A lot has changed in Agile and agile methodology, and things keep evolving pretty rapidly as the consumer’s expectations skyrocketing like crazy. Simultaneously, the developers and testers are under pressure to adapt to these always changing situations, so we have Agile methodologies for everyone’s rescue. Regardless of what is changing here, the base or the foundation of Agile methodologies will always be the same.
We can emphasize how important the Agile methodologies are, but the only problem is that not all organizations do it or religiously follow. Or even if they do, the entire organization somehow lacks proper adoption of these methodologies throughout the organization. So, it’s so safe to say that things are changing; we aren’t. Yet guys, Agile is super famous, and we wanted to dig deep to know why that is so. Things you can learn from this blog.
- How does testing gel well with Agile methodologies?
- Different ways to test with Agile alongside a team?
- What’s next in Agile?
What is Agile Methodology?
The Agile methodology is a process that addresses continuous iteration in development and testing. It assists the continuous iteration throughout the software development life cycle. Unlike the Waterfall Model, in this Agile model, the development and testing go side by side.
What is Agile Software Development?
It is that ‘gold standard’ method for developers, testers, and literally all organizations. If you want to turn your business vision into an excellent software solution, this is the most simple yet effective way to do it. The term Agile represents the software development practices that employ continual planning, improvements, evolutionary development, fast delivery, learning, and team collaboration. It also helps the team accept the approaching or already arrived change with the most suitable response.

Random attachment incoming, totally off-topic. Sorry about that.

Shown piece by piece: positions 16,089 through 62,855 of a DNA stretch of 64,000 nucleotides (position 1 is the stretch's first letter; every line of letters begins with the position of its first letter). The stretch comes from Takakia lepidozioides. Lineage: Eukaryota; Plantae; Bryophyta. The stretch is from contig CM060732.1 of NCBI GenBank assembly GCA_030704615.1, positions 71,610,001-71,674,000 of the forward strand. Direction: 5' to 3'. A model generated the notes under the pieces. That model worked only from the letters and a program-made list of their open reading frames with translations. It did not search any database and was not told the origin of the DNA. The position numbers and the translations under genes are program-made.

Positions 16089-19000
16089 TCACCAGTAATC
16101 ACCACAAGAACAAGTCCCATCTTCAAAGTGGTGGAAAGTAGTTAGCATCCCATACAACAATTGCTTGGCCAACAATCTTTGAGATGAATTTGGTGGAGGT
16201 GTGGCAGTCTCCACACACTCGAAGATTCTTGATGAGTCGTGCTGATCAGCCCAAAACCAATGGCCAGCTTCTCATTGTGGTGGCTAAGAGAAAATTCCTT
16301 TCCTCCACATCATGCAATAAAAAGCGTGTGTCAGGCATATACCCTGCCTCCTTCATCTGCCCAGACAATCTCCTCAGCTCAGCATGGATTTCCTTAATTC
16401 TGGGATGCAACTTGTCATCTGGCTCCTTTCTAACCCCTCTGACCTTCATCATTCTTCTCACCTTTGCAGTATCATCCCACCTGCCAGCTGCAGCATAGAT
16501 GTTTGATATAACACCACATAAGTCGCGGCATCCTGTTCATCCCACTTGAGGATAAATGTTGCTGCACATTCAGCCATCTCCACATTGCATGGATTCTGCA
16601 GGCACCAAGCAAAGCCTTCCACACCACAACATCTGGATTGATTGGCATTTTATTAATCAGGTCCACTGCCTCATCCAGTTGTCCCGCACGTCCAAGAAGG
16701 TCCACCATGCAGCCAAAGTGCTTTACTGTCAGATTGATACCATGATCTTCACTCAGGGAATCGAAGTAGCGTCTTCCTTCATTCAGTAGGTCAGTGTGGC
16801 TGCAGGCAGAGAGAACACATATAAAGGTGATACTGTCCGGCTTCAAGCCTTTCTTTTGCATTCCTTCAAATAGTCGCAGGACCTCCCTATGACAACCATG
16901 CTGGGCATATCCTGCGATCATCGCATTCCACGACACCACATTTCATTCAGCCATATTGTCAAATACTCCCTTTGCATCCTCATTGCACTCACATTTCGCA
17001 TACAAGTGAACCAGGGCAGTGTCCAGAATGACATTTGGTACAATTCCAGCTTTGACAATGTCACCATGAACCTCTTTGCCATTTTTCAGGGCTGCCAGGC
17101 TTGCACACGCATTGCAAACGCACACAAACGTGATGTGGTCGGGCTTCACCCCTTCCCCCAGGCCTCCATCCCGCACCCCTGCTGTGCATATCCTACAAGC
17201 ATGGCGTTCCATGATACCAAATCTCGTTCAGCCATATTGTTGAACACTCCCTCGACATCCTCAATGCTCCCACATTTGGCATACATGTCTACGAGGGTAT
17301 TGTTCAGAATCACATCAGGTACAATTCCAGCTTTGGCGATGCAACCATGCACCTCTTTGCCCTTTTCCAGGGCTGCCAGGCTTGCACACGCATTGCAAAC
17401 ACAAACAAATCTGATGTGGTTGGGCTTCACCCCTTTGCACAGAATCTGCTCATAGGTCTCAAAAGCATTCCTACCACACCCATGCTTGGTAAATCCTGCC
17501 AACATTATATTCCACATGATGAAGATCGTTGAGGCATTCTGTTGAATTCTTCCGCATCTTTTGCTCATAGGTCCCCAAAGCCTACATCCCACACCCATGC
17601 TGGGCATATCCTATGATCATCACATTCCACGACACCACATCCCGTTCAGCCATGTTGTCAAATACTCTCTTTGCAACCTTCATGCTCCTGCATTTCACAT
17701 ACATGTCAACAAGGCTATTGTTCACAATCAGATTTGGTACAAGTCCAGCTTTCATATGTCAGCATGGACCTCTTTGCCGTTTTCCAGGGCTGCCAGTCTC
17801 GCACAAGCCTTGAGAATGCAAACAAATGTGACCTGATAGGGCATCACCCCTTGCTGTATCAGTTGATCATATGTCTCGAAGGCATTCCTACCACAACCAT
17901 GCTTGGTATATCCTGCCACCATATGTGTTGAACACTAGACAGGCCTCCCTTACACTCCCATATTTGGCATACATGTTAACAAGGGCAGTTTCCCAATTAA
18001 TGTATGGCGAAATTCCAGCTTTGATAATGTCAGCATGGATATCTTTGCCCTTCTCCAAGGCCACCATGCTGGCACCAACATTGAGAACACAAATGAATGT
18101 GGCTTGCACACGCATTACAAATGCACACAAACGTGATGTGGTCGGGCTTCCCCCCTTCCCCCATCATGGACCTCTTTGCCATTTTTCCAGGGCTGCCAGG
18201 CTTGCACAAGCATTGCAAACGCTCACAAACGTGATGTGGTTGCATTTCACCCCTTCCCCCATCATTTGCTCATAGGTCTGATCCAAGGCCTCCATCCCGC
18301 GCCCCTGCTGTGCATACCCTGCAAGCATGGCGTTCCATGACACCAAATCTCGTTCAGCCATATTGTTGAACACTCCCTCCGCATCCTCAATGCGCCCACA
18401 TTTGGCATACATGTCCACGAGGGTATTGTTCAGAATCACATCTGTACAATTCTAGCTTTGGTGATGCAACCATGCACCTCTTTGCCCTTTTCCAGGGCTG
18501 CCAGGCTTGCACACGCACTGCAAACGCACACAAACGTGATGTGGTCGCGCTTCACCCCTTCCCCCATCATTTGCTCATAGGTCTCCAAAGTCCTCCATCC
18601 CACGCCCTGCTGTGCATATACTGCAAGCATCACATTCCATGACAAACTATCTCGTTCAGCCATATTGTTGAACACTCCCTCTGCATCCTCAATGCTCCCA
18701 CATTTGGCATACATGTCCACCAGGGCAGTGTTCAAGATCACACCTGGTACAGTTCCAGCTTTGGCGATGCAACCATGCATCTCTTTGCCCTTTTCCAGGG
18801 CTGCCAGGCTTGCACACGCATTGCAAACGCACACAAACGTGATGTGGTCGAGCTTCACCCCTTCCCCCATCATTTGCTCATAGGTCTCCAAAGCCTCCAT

Agile Software Development techniques underscore the four core values, and here they are:
- Individual and team interactions over processes and tools
- Working software over comprehensive documentation
- Customer collaboration over contract negotiation
- Responding to change over following a plan
Test on an Agile team?
These Agile principles are all about being agile, cooperative, adaptive, and flexible. These methodologies are built on the substantial facts that the world loves to change, and changes happen more often. Meaning that the need for fast delivery is reaching peaks, and software teams really have no time in their hands. And why that happens has two pretty interesting answers. They are; growing competition and customer expectations.
Here are some imperatives citing the tester’s role when it comes to testing on the Agile team. As it’s so difficult and almost impossible to test everything but prioritizing requirements based on watching the risk factors can help.
- Optimally use test automation for better test efficiency.
- Increase the use of exploratory testing to boost the code delivery and make the code that actually works.
- Adaptation to the new changes. (the key one, of course)
Does one size Agile fit all, fact or myth? Let’s find that out